Blog - Getting it Backwards

  • By Pastor Chad Wagner
  • on Monday, September 24, 2012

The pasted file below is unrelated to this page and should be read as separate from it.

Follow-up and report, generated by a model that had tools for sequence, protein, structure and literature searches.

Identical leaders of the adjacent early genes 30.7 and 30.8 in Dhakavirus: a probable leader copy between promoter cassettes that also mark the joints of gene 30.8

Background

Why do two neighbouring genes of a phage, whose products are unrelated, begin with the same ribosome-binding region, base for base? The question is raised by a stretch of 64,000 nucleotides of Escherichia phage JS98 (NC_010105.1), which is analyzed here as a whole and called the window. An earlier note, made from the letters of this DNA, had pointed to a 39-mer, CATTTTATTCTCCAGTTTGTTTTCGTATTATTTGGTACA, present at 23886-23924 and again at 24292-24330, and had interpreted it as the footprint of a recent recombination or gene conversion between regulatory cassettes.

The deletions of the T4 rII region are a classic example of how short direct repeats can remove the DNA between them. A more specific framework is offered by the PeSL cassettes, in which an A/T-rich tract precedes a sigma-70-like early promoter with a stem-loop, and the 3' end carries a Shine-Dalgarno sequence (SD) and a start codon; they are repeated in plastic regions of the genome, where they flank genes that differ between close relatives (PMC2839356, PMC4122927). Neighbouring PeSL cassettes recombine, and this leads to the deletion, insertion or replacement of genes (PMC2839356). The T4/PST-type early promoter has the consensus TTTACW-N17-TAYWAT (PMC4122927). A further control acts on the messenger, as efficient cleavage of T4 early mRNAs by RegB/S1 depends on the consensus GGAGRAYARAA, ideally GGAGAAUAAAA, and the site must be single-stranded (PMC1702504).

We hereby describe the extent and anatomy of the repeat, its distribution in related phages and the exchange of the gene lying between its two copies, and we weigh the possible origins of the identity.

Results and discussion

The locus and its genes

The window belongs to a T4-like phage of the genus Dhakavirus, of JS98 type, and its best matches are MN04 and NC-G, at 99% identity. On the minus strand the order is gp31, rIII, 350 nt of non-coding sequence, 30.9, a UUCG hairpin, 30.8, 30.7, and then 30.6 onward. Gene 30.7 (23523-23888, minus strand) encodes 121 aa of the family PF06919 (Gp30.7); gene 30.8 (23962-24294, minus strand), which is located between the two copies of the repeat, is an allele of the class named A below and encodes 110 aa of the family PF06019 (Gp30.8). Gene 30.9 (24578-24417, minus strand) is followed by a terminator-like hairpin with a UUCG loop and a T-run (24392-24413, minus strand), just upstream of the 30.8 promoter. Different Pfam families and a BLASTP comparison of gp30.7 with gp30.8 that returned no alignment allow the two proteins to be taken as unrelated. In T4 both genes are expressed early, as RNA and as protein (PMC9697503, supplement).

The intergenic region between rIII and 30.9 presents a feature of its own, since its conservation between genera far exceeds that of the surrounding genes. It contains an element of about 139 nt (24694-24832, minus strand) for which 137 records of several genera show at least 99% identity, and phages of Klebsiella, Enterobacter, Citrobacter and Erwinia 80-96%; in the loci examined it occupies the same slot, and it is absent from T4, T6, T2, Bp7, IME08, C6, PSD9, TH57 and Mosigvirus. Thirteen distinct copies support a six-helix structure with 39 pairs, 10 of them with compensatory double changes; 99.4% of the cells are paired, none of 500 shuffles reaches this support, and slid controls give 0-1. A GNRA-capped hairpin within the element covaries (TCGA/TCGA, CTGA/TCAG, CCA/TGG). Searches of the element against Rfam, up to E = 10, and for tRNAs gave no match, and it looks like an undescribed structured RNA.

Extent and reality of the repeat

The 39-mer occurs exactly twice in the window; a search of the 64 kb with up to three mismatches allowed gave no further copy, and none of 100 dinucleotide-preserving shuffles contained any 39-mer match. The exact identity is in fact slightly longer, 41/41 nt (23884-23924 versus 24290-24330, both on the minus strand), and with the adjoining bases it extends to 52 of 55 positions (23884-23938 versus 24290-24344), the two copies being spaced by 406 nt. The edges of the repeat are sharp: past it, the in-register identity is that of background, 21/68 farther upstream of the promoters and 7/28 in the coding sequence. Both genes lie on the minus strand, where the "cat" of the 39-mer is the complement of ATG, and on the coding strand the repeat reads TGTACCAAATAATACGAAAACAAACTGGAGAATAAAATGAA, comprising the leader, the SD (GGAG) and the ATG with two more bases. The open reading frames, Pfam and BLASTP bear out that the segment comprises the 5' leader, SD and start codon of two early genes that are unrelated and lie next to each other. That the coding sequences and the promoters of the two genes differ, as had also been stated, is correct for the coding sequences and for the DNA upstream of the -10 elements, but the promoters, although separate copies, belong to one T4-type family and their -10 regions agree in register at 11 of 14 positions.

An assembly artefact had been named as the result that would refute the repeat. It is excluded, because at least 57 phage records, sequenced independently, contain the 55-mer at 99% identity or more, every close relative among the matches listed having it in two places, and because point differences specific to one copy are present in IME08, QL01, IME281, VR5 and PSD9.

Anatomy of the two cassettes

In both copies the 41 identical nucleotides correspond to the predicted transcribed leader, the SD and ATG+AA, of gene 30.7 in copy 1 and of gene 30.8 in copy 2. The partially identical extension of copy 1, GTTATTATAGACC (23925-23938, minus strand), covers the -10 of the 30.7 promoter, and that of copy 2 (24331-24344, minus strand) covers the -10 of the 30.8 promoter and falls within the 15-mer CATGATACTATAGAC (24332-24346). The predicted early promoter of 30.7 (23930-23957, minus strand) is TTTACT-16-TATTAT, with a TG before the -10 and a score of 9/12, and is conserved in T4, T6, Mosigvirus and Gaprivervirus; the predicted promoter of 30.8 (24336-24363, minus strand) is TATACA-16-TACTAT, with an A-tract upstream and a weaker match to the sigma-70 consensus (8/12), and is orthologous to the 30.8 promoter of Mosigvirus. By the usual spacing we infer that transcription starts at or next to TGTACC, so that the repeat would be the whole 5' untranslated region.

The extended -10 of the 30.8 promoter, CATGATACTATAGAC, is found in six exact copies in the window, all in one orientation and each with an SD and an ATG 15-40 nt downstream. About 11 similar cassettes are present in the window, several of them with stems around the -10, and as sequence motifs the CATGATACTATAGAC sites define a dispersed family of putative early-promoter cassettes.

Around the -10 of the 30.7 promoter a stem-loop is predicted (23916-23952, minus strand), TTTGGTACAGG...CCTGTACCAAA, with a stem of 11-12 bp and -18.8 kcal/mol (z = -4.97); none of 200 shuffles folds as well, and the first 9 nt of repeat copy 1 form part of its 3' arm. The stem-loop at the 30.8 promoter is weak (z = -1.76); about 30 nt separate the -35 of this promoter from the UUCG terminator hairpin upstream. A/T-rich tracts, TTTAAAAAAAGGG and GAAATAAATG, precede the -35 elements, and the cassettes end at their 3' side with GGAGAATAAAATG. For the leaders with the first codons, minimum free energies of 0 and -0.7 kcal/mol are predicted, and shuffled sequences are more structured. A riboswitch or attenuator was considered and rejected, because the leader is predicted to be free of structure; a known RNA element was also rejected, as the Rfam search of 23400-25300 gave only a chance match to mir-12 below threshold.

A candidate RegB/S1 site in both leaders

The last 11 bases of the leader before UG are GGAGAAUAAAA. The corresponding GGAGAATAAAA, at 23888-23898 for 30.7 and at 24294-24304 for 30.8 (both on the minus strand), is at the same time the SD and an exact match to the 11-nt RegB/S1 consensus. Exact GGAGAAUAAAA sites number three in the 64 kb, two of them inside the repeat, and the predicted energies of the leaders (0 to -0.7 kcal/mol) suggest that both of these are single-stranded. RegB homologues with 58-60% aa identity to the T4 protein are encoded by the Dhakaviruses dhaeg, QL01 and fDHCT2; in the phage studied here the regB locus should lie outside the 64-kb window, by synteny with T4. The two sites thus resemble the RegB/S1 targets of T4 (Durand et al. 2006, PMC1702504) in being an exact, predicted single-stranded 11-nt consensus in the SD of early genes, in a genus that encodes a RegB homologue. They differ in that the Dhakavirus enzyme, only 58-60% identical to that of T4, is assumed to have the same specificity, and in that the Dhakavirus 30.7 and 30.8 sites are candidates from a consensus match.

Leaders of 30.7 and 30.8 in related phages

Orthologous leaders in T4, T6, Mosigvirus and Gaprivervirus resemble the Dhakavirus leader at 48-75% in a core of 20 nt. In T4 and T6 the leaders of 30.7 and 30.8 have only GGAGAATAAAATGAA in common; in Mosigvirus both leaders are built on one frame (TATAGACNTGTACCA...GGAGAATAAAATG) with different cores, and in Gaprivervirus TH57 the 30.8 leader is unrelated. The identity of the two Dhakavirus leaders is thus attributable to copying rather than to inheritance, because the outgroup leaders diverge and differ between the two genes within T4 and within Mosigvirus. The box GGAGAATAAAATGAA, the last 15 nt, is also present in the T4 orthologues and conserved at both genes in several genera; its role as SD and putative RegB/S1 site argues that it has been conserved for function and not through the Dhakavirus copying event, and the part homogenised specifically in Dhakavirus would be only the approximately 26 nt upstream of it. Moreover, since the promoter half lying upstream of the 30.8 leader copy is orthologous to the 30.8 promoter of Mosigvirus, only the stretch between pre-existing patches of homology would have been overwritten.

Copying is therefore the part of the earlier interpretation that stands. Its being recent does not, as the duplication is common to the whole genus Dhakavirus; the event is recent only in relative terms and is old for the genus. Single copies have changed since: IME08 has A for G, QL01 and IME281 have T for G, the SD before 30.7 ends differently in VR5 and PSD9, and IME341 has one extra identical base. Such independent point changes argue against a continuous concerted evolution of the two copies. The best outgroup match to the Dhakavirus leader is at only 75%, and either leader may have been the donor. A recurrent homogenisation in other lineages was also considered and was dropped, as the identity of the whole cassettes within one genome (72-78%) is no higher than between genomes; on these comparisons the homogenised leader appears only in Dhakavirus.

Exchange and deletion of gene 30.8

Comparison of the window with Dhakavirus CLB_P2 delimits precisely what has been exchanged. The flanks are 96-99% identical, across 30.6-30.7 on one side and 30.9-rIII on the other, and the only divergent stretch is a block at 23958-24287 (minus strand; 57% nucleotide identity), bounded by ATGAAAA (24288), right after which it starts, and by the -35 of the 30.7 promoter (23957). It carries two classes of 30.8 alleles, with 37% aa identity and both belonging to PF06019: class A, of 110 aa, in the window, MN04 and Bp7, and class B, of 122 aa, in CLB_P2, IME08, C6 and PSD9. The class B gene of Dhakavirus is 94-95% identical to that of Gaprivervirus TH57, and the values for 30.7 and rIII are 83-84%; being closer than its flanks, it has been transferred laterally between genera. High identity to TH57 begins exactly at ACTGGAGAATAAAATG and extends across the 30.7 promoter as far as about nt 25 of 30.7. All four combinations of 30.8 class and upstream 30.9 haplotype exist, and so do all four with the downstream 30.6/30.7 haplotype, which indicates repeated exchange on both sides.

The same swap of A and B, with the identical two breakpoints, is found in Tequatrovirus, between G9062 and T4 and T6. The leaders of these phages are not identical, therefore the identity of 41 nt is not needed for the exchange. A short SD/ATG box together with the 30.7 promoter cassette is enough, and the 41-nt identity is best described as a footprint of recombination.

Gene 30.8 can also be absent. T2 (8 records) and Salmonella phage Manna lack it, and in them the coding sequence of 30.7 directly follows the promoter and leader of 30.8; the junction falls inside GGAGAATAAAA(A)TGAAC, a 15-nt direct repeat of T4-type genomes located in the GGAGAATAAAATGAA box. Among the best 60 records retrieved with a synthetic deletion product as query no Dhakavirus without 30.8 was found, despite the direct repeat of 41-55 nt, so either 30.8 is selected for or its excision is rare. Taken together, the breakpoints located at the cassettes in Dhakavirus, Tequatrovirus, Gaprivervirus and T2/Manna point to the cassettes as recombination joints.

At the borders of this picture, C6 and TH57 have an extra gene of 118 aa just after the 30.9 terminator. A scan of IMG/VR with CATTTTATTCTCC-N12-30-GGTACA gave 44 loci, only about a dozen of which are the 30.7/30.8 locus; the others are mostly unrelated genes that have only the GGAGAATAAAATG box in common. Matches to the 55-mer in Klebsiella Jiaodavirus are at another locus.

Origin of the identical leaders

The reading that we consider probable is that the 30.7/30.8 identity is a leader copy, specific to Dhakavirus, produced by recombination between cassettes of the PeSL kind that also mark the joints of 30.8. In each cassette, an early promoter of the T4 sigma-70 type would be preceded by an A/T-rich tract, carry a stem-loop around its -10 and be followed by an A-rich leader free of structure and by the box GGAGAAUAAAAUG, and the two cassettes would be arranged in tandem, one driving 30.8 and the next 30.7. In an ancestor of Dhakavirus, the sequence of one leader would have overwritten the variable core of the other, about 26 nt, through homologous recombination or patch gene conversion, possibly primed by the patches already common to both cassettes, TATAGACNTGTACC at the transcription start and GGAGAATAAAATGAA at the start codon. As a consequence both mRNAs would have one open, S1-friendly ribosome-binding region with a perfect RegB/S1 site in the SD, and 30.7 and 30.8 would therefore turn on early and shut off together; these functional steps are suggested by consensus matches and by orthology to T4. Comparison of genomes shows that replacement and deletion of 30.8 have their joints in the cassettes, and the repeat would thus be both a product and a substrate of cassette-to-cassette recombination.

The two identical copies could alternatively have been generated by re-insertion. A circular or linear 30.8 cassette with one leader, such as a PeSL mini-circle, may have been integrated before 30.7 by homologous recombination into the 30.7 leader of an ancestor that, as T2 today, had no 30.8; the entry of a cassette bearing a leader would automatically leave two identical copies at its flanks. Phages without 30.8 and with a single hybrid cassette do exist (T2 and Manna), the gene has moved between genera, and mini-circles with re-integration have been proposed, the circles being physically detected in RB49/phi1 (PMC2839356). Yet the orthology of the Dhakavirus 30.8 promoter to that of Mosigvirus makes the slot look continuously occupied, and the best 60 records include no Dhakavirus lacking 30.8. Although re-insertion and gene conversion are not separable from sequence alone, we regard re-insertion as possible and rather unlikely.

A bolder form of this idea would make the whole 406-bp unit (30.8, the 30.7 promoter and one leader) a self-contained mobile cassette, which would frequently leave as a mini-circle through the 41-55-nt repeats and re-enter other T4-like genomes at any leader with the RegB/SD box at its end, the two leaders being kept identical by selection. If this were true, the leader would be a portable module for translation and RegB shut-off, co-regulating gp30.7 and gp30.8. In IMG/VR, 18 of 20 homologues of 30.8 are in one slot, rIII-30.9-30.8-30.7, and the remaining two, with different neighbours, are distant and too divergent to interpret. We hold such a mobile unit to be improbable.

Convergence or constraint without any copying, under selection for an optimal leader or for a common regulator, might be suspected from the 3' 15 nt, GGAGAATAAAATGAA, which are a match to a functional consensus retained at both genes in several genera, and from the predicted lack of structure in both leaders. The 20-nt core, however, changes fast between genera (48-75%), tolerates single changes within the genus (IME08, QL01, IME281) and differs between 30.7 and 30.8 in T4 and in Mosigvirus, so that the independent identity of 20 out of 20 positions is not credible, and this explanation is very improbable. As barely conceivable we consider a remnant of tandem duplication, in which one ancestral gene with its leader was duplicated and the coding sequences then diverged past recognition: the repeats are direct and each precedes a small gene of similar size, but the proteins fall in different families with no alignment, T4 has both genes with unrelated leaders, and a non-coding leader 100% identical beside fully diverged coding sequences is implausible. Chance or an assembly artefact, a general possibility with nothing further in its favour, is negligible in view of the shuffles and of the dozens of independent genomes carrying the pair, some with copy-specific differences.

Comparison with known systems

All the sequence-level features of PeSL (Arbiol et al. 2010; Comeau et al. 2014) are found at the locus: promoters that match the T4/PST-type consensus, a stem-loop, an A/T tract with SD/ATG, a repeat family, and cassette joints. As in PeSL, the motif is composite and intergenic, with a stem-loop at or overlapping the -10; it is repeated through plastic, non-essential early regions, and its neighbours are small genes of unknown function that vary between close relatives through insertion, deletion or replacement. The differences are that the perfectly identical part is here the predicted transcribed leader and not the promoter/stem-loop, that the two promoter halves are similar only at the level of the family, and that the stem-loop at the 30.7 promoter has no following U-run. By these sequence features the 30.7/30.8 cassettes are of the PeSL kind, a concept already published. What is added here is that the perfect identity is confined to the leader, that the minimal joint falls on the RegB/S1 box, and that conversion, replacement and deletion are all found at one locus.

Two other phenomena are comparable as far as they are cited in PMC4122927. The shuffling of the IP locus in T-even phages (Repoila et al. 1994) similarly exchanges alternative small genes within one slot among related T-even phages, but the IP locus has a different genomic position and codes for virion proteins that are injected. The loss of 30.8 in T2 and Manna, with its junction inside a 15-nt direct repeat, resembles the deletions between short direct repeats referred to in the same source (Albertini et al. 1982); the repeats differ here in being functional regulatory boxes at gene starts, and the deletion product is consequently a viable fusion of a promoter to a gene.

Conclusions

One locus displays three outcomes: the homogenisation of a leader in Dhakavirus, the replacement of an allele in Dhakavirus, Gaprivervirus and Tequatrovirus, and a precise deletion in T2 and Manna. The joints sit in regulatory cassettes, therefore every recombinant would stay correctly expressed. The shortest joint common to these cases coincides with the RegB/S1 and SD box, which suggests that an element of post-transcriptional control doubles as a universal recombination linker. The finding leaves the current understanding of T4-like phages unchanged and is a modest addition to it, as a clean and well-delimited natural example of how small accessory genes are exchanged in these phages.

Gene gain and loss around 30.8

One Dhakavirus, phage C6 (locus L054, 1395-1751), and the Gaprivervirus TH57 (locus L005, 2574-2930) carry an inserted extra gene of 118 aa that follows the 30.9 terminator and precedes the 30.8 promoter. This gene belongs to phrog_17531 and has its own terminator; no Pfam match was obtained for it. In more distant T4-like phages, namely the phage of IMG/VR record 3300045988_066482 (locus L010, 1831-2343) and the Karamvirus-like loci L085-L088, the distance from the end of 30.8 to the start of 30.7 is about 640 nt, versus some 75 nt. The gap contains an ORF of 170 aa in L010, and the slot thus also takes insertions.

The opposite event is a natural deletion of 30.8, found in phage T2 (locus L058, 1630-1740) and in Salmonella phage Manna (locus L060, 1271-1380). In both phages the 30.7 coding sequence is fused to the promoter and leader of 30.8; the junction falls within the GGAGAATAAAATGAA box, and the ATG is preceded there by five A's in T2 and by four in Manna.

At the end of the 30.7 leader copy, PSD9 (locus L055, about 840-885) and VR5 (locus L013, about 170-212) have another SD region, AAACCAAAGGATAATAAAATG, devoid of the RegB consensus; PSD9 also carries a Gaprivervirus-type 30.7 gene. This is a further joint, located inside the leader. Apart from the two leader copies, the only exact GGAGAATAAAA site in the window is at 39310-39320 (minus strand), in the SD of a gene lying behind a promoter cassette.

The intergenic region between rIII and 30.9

Gen 11:4- And they said, Go to, let us build us a city and a tower, whose top may reach unto heaven; and let us make us a name, lest we be scattered abroad upon the face of the whole earth. Sometimes man in his supposed infinite wisdom gets things totally backwards. Genesis chapter 11 tells us of a time when all the inhabitants of the earth spoke the same language and were working together to make a name for themselves. They thought that if they built themselves a city and a tower that would reach unto heaven, they would retain their unity and strength and would not be “scattered abroad upon the face of the whole earth.” Still today, there really is “no new thing under the sun” (Ecc 1:9). After the destruction of the world trade center, we are determined to “make us a name” and “build us...a tower, whose top may reach unto heaven,” by building the world’s tallest skyscraper. Ironically, their efforts to prevent being scattered abroad upon the face of the whole earth actually caused God to do that very thing; “So the LORD scattered them abroad from thence upon the face of all the earth” (Gen 11:8). The “wise” men of this world may think that they can outsmart or outdo God, but “He taketh the wise in their own craftiness” (Job 5:13). A similar situation happened in John 11:48. The Pharisees saw the gaining popularity of Jesus and that many people had believed on Him and they figured that, “If we let him thus alone, all men will believe on him: and the Romans shall come and take away both our place and nation” (Joh 11:48). Once again they had it completely backwards. Just the opposite was the case; if the Jews would not have rejected Jesus as their promised Messiah, then God would have likely stayed His judgment and the Romans would not have destroyed Jerusalem in 70AD. Jesus prophesied of their coming destruction because of their unbelief in Mat 23:37-38, “O Jerusalem, Jerusalem, thou that killest the prophets, and stonest them which are sent unto thee, how often would I have gathered thy children together, even as a hen gathereth her chickens under her wings, and ye would not! 38) Behold, your house is left unto you desolate.” Caiaphas, the high priest that year, proceeded to tell them that “Ye know nothing at all” (Joh 11:49), which was a pretty fair assessment of the Pharisees. Without even realizing it, he went on to tell them the absolute gospel truth, “Nor consider that it is expedient for us, that one man should die for the people, and that the whole nation perish not” (Joh 11:50). John explained in the two verses that followed what Caiaphas really meant: “And this spake he not of himself: but being high priest that year, he prophesied that Jesus should die for that nation; 52) And not for that nation only, but that also he should gather together in one the children of God that were scattered abroad” (Joh 11:51-52). John clarified that the nation Caiaphas was really speaking of was not solely the nation of Israel, but rather the nation of God’s children who were scattered abroad, his elect from “every kindred, and tongue, and people, and nation” (Rev 5:9). This is one of many examples in the Bible of people who were children of God, but had not yet heard the gospel and been converted. Peter put this all together so beautifully in his first epistle. Peter wrote this epistle to God’s elect, “to the strangers scattered throughout Pontus, Galatia, Cappadocia, Asia, and Bithynia, 2) Elect according to the foreknowledge of God the Father, through sanctification of the Spirit, unto obedience and sprinkling of the blood of Jesus Christ” (1Pe 1:1-2). Peter tells them, “But YE are a chosen generation, a royal priesthood, an holy nation, a peculiar people; that ye should shew forth the praises of him who hath called you out of darkness into his marvellous light:” (1Pe 2:9). Peter explains so perfectly, even using the same words, that Jesus died for a nation that was made up of children of God that were scattered abroad. Caiaphas thought he was speaking of the nation of Israel, but we know that God’s elect chosen people are “the Israel of God” (Gal 6:16) and every person that is in Christ, regardless if they are Jew or Gentile, are Abraham’s seed (Israel) and heirs according to the promise, “And if ye be Christ's, then are ye Abraham's seed, and heirs according to the promise” (Gal 3:29). Paul tells us that “they which are of faith, the same are the children of Abraham” (Gal 3:7). If there is still any doubt that God’s elect people, both Jew and Gentile, are God’s Israel, then a quick comparison of 1Peter 2:9 and Exodus 19:5-6 should make this plain. God told Moses to tell the children of Israel, “Now therefore, if ye will obey my voice indeed, and keep my covenant, then ye shall be a peculiar treasure unto me above all people: for all the earth is mine: 6 And ye shall be unto me a kingdom of priests, and an holy nation. These are the words which thou shalt speak unto the children of Israel” (Exo 19:5-6). Is this not exactly what Peter told God’s elect; that they were: a royal priesthood (kingdom of priests), a holy nation (holy nation), a peculiar people (peculiar treasure unto me above all people)? “Now we (Jews and Gentiles, Gal 1:2), brethren, as Isaac was, are the children of promise” (Gal 4:28). Unfortunately, many Christians today still have it backwards concerning the true Israel of God, deeming the natural seed of Abraham to be the true Israel and inherently children of God. But "...they which are the children of the flesh, these are not the children of God: but the children of the promise are counted for the seed" (Rom 9:8). All of us who are in Christ should thank God for putting us there and making us the “Israel of God,” a people who are the object of God’s grace, mercy, and love.
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